A fire at the Turin cathedral and the discovery of a mutilated corpse are the latest in a disturbing series of events surrounding the mysterious cloth millions believe to be the authentic burial shroud of Jesus Christ. Those who dare to investigate will be caught in the cross fire of an ancient conflict forged by mortal sacrifice, assassination, and secret societies tied to the shadowy Knights Templar.
Spanning centuries and continents, from the storm-rent skies over Calvary, through the intrigue and treachery of Byzantium and the Crusades, to the modern-day citadels of Istanbul, New York, London, Paris, and Rome, The Brotherhood of the Holy Shroud races to a chilling climax in the labyrinths beneath Turin, where astounding truths will be exposed: about the history of a faith, the passions of man, and proof of the most powerful miracle of all….
Comment: This is another one of the books I was lent by my Portuguese friend. Actually, I also have this book in one of my shelves at home but my edition is a paperback and the font is smaller. I didn't mind reading the HC edition and, well, it was a good excuse to finally get to it. It's been in the pile for more than 7 years. How shameful (but it was not the worst case)!
This book tells us the story of how the Holy Shroud, one of the Christianity most beloved relics, has come to be where it is and why.
A fire at the Cathedral where the relic is located is the starting point of this book, that crosses ages and historical facts to let us understand why anyone would be interested in having the Shroud, other than religious dedication. To investigate the fire and other things related to it, a team of police members and history experts arrives in Turin and what they start revealing can be dangerous for everyone, but why is it all such a secret?
This book follows the tradition of the adventurous historical based plot type of books we've come to look for and even enjoy since Dan Brown got famous. Even is books are older than his work, we still think of him as the starting point of the genre.
Here, ms Navarro has exploited the idea of the Holy Shroud, a relic that any Christian knows about and that has led people to worship it through time. Apparently, studies and the Church has accepted the fact the Shroud is not original, simply because the fabric was only made in the medieval times, like C-14 test has indicated.
In the novel, this is an idea most characters already have but the twist is something we can pretty much guess at some point.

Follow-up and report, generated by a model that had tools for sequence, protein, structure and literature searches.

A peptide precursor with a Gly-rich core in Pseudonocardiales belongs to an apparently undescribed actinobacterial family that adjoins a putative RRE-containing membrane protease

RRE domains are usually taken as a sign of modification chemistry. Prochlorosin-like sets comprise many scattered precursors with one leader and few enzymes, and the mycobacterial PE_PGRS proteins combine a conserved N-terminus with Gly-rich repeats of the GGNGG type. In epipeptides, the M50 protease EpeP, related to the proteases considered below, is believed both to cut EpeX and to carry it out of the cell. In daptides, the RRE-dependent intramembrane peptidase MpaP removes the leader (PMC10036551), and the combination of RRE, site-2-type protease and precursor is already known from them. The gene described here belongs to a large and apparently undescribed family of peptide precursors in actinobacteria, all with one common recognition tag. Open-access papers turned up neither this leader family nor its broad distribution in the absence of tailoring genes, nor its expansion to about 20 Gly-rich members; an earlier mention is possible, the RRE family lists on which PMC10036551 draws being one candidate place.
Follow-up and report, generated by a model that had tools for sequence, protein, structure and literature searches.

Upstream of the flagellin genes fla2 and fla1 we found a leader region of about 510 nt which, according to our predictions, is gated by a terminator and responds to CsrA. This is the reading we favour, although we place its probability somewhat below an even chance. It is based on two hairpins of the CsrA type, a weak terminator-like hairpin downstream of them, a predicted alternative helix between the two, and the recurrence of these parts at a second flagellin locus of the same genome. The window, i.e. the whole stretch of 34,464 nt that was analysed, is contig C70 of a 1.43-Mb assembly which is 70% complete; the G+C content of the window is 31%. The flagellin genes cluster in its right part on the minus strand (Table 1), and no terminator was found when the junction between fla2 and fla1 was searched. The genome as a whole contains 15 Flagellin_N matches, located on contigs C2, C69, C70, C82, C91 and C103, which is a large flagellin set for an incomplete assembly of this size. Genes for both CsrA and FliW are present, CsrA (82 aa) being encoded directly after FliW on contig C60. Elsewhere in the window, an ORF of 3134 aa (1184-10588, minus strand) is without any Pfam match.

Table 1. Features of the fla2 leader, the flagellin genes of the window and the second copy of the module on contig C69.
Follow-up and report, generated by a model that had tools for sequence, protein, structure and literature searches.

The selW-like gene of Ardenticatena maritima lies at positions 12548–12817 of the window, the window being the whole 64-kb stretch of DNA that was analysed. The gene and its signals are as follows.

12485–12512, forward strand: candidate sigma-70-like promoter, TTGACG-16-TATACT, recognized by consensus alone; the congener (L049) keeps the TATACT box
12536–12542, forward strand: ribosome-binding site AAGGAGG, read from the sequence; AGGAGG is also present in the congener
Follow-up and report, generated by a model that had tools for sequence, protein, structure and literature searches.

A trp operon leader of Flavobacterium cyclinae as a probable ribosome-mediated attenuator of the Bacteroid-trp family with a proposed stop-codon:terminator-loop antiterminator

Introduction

The book can be divided in two different times, the contemporary investigation of the fire and the way characters learn more about contemporary activities and then the historical settings of how the Shroud begun and where it traveled to and why. This is not such a bad tactic but to be honest I always feel some reluctance in dual times plots because inevitably, I always prefer to read about one and not the other. In this case, both were interesting somehow but the contemporary investigation always interested me the most. One can say the historical parts explain some of the secrets of the contemporary parts but it got to a point where it just felt like information the author wanted to include but wouldn't make much sense otherwise.
For a while, the main characters interested me a lot, despite not really liking one of the main ones because her attitude and choices seemed wrong even if realistic.
Then, the obvious mystery others enhanced here and there only made everything seem rather silly. It got better when a reporter arrived and started to ask questions. Close to the end the contemporary part, the one I was more and more eager to see solved, feel flat because it was excessively melodramatic and the end was one of the most indecisive endings I saw. I mean, the mystery stayed on, people got hurt and nothing really was solved or came to a conclusive decision. How disappointing, after so many pages, the end is like that!
I guess I can understand why the author took this path. Some things do sound better if we don't have all the answers. But then why bother, this would have suited a non fiction essay much better, or even a book without the conspiracy elements in there because the reality is that it promised a lot, I wanted to see how the "good guys" would solve things or what would happen, this is a fictional tale after all, but then...we get a conversation at the end between protagonists and we learn what has happened in the last chapter, things we didn't have full access to. It was a let down.
Because of this, the book only rates average to me. It wasn't so bad but the end ruined it for me.